Depending on how and where your ice dams form, the water can go anywhere. We’ve even seen water pouring into the basement. How? The ice dam grew so large that water traveled to a deck attached to the house, pooled, and then headed into the basement. If ice dams travel down your downspouts or the icicles get so large that they are nearing the ground, water may be pooling near your foundation with nowhere to escape.
It happens all too often: people do cosmetic repairs without making sure the area is completely dry and checking for mold growth. Then, when the weather warms up, they discover they have a full-blown mold infestation. That’s why when there’s water damage, it’s important to test for mold. Hire an independent mold inspector, one who does not do remediation, to get honest and accurate results. An independent testing company can conduct air monitoring and surface sampling tests; identify affected areas and measure the amount of mold – even if it cannot be seen by the naked eye.
According to the National Association of Realtors®, most homeowners insurance policies cover conditions such as damage caused by ice dams, when water can’t drain into the gutters and instead seeps into the house. But, if the water from an ice dam enters the home from the ground, homeowners insurance generally won’t cover mold remediation. You would need flood insurance for that.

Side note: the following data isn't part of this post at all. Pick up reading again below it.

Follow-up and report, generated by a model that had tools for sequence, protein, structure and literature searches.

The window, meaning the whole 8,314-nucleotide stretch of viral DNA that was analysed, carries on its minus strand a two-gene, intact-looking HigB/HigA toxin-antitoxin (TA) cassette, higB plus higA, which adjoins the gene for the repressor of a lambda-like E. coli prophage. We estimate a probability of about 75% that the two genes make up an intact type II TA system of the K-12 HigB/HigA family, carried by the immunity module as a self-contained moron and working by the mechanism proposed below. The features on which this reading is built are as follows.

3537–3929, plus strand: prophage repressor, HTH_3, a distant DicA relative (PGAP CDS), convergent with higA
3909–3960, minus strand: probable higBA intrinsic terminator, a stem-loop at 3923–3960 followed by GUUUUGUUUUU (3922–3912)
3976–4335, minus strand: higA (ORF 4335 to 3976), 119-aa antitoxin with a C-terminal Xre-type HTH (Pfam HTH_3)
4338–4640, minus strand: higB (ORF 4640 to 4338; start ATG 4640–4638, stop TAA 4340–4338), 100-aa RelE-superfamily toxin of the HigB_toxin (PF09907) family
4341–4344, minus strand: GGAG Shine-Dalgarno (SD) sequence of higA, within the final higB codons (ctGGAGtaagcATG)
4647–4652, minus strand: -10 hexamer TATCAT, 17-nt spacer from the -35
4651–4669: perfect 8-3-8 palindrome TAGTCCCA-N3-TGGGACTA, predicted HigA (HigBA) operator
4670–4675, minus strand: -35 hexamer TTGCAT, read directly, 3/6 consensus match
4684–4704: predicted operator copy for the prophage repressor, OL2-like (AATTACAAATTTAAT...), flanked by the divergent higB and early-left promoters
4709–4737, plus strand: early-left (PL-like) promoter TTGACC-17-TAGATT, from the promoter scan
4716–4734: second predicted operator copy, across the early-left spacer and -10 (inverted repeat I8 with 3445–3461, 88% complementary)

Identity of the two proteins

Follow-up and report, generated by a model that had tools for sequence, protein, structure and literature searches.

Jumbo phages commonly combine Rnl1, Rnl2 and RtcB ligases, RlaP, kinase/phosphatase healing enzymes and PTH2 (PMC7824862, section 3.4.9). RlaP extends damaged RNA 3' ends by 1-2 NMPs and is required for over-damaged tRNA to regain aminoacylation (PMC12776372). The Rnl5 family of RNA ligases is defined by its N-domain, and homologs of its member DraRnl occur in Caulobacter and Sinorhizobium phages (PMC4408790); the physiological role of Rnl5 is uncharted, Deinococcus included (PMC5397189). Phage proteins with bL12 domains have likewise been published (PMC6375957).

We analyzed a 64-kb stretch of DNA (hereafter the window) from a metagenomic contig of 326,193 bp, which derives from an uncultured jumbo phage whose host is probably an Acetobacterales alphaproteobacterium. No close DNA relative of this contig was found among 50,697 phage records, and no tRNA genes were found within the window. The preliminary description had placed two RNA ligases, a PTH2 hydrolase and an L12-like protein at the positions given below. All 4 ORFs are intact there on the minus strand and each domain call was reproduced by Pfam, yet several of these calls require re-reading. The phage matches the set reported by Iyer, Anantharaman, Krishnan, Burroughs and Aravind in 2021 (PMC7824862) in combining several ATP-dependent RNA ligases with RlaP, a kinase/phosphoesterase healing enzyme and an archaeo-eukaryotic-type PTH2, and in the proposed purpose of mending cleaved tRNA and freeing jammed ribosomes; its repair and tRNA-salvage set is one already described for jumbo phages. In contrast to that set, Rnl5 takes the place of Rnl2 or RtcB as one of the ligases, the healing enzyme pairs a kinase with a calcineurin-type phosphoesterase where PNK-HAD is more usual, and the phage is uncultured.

There are a number of ways to prevent future ice dams, depending on your situation and how your home or place of business is constructed. Here are a few tips:
If you are experiencing damage from ice dams and melting snow, call RTK Environmental today at (800) 392-6468 to discuss your options and figure out a plan to keep your home and family safe.
The more temperatures slip into the teens and even lower, the greater the chances that pipes will freeze. And when they freeze, they can burst. And that can lead to a whole rash of problems: flooding, structural damage, and mold. And mold can lead to health problems.
“Pipes freeze for three main reasons – quick drops in temperature, poor insulation, and thermostats set at too low a temperature,” says Robert Weitz, founder of RTK Environmental Group, a leading independent environmental testing company serving the northeast for over 20 years. “Pipes often burst when they thaw, so you may be in for an unpleasant surprise,” Weitz continues.
It’s not unheard of for a remediation company to fix the main water issue quickly, but not allow ample time for floors, ceilings, and wallboard to dry before finishing the job. When that happens, moisture is sealed into these areas, creating a perfect environment for mold to grow behind the walls and under floors. That’s why testing is so important.
First, it will ensure that you are living in a safe, healthy environment.